The Quantitative Strategic Planning Matrix
Strategic planning is something that takes place in all organizations. In fact, it could be said that strategic planning and decision making takes place every single day. Every choice that comes across the desk of a manager or owner is strategic in nature, as even small choices are going to impact the future of the organization in some manner. As the leader of an organization, it is critical that you make quality, logical decisions on a daily basis.
Some of the decisions you make are going to be based on little more than a ‘gut’ feeling. However, trusting your gut instinct isn’t always enough, as you will sometimes want to have numbers behind the choices you make. When that is the case, the Quantitative Strategic Planning Matrix – or QSPM – is a helpful tool. When you know how to use this tool effectively, it can provide you with some justification for the choices you make.
The ultimate goal of the QSPM method is to pick the right strategy to move forward with based on the information available at hand. If you would like to construct your own QSPM in order to make a sound decision on a given problem, consider following the steps below.
1 – Internal Factors
To get started on the process of constructing a QSPM, you are first going to develop a list of strengths and weaknesses from within your organization. What is it that you have within your organization which puts you in a position of advantage? What is it that you feel you are missing? Filling out a few points under both the strengths and weaknesses category will give you a great start to your matrix. Remember, as this point, you are only dealing with considerations inside of your organization. Both the strengths and weaknesses which you identify should be listed down the left side of a piece of paper – or down the left side of a computer spreadsheet.
2 – External Factors
In much the same way, you are now going to look outside your organization for opportunities and threats which exist in the market. Possible opportunities include a new market which is expanding, or the struggles of a competitor. On the other hand, threats can include strong competition or decreasing market prices. The external factors you identify should be listed further down the left side of your paper or spreadsheet.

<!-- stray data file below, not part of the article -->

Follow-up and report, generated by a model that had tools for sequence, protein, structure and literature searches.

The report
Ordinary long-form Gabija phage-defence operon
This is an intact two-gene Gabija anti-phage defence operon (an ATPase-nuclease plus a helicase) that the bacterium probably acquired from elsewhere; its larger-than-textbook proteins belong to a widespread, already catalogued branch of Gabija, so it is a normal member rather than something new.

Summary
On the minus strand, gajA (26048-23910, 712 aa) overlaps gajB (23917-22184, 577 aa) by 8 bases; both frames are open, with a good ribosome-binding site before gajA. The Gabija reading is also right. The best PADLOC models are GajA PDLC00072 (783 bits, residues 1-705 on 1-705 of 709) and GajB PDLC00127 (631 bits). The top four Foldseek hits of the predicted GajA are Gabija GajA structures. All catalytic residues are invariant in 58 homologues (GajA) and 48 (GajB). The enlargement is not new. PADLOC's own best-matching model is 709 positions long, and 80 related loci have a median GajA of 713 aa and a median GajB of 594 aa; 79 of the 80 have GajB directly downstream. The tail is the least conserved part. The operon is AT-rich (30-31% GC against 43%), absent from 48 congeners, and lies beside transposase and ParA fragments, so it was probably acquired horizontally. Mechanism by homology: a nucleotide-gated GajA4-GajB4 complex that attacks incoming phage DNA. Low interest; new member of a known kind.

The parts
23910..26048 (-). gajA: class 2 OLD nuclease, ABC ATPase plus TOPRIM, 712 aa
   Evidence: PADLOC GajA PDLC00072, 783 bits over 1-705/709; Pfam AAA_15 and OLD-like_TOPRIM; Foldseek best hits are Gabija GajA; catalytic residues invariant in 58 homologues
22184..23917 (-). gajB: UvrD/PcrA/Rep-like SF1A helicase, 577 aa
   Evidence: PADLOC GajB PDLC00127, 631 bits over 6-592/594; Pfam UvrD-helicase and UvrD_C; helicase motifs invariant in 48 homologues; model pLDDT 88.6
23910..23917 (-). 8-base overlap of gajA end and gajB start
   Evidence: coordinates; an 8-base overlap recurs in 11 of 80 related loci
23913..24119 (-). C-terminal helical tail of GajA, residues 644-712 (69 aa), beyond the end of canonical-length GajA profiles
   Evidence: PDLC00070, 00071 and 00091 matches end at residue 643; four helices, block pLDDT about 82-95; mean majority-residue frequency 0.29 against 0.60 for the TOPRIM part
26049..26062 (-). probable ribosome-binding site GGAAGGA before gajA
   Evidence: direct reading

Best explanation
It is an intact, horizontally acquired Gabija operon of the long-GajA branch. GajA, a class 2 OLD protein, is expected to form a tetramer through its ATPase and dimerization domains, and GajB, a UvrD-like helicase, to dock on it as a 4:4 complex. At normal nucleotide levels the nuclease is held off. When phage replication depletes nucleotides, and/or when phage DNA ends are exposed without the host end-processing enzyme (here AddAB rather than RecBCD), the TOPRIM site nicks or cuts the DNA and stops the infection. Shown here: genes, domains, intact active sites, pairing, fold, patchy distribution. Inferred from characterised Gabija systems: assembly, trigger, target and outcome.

3 – Strategy Alternatives
With all of your strengths, weaknesses, opportunities, and threats identified, it is now time to get into the process of outlining strategies. These are the strategies that you are going to be choosing from, with the help of the completed matrix. All of the strategies you wish to consider should be listed across the top of your matrix. You will obviously need to have at least two options in play, but you can have many more than that if you so choose. Under each strategy option, you will need to have room for three columns – a weight, an ‘attractiveness score’, and a total.
4 – Weighting the Factors
For each internal and external factor which you have included in your matrix, you will need to assign a weight. The weights are going to assign a perceived importance to each of the factors, so you will need to take time to think through how much influence each factor is expected to have in practical application. The weights of your internal factors should add up to 100%, as should the weights from your external factors. Expect to spend a bit of time on this step until you are happy with the weighting distribution you have established. When finished, you should have weights under each of your proposed strategy alternatives. Since different strategies are going to place different importance on your various factors, it makes sense to have unique weights for each alternative.
5 – Attractiveness Scores
Just as you did with the weights, you are now going to assign attractiveness scores for each factor, both internal and external. These scores are going to be on a scale from 1 to 4, where a 1 is equal to not attractive and a 4 is equal to highly attractive. If the factor in question will have no effect on the choice you are making, you can rate the attractiveness score as a zero. Go through the entire matrix you have created until all of your factors have both a weight and an attractiveness score.
6 – Do the Math
To finish up the QSPM process, you are going to do the math required to settle on final scores for all of your alternatives. This math is quite simple – you are going to multiply the weight by the attractiveness score, and you are then going to add those scores up within each column. With your math complete, you can now compare the totals for each alternative which was included in the matrix. The highest total score should be seen as the best overall option.
Obviously, any tool like the QSPM is only going to be as good as the information which is put into the system. If you don’t take the time necessary to develop accurate weights and attractiveness scores, you won’t be able to place much faith in the final outcome of the process. To get the most from QSPM, you have to take each step along the way seriously. Only then will you be able to base important decisions on the outcome of this analysis.
Using QSPM is not always going to be necessary, but it is a handy tool when you have a number of options in front of you to consider. Specifically, this matrix method is ideal when you are making a rather important decision and you wish to go on something other than ‘gut’ instinct. Since the QSPM system will give you scores to look at in the end, it may be just what you need to have greater confidence in your choices.
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